E-Commerce Times Talkback
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Advanced Micro Devices sells its Athlon processors and others to makers and
re-sellers of personal computers, and to consumers. The company, by its own estimates,
holds a 17 percent share of the PC processor market. Its chief competitor Intel, a heavy
Internet advertiser, holds about 80 percent of the market.
In this interview, Bruce Smith, AMD's director of marketing programs,
and Bob Kennedy, director of corporate branding, discuss how
32-year-old AMD is using the Internet for marketing, while
watching as the medium matures as a vehicle for advertising.
It is obvious that AMD (with an equivalent product to Intel's) is so far behind Intel in consumer perception because of Bob Kennedy's poor judgement on Internet advertising.
Bob, don't you realize that ALL of your consumers, both B2B and B2C use the Internet and are influenced by what they see on it?
Why would you guys pick AMD to comment on advertising? This is a company with fantastic product - and a HORRIBLE record of advertising their product - creating product or corporate image. Online advertising is a supplement to a full-fledged advertising campaign, which they don't have.
AMD needs to replace their internal marketing staff, and get a new agency to have any chance at surviving against Intel.
Wow, you took the words right out of my mouth!! I really question the marketing savvy of AMD. For a college project, I developed an advertising perspective for a computer chip that stunned my professor. I was thinking of sending it to AMD to use and I can't even find out who does their advertising! Do they even have an ad company?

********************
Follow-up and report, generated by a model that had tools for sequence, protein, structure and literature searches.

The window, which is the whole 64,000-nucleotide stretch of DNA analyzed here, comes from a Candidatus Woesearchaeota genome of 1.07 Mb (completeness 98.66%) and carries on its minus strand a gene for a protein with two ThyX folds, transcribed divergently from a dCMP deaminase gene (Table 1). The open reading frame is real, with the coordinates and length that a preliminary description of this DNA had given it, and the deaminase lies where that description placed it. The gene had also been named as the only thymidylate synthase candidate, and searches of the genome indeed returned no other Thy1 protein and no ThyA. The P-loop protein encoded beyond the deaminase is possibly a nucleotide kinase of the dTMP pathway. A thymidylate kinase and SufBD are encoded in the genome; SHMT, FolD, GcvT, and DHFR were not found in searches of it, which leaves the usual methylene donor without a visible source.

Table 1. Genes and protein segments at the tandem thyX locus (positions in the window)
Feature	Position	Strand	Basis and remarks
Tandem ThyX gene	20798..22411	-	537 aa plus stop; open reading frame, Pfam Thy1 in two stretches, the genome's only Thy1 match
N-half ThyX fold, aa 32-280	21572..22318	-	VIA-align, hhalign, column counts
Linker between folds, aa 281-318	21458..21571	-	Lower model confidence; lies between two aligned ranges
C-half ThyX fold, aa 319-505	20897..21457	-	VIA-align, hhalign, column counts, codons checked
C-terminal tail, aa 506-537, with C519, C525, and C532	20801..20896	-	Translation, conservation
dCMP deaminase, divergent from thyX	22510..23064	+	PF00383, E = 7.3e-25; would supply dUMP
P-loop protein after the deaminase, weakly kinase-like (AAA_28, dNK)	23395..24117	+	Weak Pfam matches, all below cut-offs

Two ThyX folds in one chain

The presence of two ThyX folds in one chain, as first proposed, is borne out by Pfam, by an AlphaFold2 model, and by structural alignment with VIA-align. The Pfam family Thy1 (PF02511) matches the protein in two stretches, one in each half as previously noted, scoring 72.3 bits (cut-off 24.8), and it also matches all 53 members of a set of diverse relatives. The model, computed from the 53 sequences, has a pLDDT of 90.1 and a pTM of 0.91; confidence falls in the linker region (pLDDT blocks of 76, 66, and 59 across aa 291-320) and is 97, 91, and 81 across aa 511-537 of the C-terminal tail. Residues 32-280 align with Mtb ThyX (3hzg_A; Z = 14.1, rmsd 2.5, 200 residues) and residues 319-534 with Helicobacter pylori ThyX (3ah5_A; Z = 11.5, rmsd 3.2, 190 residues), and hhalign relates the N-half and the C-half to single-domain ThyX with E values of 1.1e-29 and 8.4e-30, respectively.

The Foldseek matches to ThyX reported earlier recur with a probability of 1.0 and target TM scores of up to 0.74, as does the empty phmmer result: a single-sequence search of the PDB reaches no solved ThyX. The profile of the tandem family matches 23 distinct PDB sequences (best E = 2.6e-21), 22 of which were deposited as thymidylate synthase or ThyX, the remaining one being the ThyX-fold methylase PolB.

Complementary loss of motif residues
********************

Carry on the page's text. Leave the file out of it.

Yes, I agree. Intel, which runs tons of ads all over the Intrenet and has a much better understanding of advertising and marketing strategy, is beating AMD, despite AMD's great product.
AMD=No Web ads=maybe 17% market share.
INTEL=Tons of Web ads = 80% market share
Draw your own conclusions about what works.
It sounds like Smith and Kennedy acknowledge the power of interactive, but only for lead generation. Are they ignoring study after study that illustrates the effectiveness for b2b marketing? Does their interactive agency realize that AMD needs to place their message in the same hot spots where Intel has pounded away?
Having worked in corporate marketing for 10 years, the past 3 with interactive, there is little doubt that online works well for branding a large company and it comes with built in lead generation too. It comes down to producing a strong creative, clear message, and a value proposition for the audience.
Yes, it does seem very strange that supposed experts are disputing that Internet advertising works well for branding, which is almost undeniable.
Time to wake up AMD!
Maybe what they're really saying is their advertising budget doesn't allow them to include a significant piece of web activity in their mix?